Ann Keiffer

Sierra Alarm

In the High Sierras, it is the middle of winter,
but black bears are lumbering out of their dens,
awakened by heat, too hot to sleep. In January
their bear world should be biting, their fat,
furred bear bodies dormant, buried deep in
hibernation sleep beneath mountains of ice
and silent snow. In February, still inside their
dens and deep asleep, female bears should be
giving birth to their cubs, nurturing them for thirty
weeks until the snow melts. But this January,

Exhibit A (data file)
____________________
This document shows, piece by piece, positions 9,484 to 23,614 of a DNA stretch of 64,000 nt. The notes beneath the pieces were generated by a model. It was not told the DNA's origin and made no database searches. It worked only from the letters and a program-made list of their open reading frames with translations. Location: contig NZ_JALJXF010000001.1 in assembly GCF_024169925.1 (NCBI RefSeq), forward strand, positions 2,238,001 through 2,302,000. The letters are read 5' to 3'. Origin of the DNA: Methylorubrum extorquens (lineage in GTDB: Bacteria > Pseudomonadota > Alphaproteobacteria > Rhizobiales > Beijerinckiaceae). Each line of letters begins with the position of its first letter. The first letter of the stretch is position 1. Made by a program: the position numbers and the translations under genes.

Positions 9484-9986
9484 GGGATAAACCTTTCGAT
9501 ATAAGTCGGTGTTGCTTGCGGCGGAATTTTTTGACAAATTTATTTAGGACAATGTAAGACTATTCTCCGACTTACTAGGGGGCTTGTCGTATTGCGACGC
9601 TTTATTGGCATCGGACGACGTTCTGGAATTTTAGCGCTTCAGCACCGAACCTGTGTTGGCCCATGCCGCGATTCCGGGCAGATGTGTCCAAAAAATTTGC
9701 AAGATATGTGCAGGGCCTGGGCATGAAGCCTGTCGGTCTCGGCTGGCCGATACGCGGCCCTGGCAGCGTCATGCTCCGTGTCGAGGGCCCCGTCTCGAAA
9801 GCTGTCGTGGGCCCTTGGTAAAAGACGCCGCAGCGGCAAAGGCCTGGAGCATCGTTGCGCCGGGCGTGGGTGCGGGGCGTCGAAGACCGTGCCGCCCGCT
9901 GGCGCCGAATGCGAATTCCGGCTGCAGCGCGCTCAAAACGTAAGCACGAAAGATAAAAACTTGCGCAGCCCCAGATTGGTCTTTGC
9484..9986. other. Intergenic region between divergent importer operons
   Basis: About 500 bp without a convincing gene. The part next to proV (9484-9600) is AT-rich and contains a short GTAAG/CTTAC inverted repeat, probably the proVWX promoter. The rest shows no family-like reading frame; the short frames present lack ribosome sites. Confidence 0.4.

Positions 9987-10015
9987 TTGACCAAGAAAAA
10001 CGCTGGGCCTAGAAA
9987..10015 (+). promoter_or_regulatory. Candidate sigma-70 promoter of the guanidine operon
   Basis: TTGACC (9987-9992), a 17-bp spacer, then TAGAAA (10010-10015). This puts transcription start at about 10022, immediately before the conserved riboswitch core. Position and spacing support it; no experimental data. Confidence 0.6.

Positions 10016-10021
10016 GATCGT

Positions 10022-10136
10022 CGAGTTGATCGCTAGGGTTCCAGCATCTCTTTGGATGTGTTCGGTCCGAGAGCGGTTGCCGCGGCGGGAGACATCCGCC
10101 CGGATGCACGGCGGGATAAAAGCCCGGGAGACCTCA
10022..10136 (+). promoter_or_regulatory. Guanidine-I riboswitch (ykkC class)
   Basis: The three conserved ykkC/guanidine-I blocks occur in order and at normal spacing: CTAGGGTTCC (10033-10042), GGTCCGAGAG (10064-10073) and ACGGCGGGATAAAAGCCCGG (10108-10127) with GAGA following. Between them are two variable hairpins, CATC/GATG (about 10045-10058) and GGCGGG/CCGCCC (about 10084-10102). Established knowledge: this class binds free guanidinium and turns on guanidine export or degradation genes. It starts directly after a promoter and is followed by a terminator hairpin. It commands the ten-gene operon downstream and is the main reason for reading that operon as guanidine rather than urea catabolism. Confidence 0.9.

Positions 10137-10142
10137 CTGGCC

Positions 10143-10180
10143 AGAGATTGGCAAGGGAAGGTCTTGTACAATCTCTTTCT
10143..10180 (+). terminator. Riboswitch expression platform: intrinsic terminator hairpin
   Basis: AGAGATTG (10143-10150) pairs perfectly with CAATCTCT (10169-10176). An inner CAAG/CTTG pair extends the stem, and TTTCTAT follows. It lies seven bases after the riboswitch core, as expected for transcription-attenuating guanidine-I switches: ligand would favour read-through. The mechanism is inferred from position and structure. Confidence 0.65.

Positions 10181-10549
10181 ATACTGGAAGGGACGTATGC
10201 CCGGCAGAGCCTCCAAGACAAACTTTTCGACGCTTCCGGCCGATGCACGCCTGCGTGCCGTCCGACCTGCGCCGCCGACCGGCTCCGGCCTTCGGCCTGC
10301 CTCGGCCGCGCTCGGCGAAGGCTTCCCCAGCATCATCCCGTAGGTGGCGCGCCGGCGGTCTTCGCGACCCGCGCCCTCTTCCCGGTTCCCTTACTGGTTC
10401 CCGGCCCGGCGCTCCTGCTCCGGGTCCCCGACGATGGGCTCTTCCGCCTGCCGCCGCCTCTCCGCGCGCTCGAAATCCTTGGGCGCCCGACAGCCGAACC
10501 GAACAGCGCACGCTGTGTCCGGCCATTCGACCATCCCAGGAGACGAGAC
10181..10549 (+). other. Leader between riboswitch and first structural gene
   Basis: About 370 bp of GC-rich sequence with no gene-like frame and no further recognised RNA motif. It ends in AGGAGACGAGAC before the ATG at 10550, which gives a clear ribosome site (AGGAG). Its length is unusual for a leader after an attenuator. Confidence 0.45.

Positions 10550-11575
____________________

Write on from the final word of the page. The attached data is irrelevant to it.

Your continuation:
what little snow there was is already gone. The
bears are too hot; they’re leaving their dens,
their cubs not yet born…while we humans are
asleep, dormant, hibernating from the implications.

Ann Keiffer


About Ann

I am interested in the strange beauty of brokenness, in transforming possibility in difficult times, in how we heal even when we can’t get better, in the alchemy of surrender, in the interplay of light and shadow, in the bounty of everyday wonders, in the gift of laughter…and writing about it, all and everything.

Recent Poems

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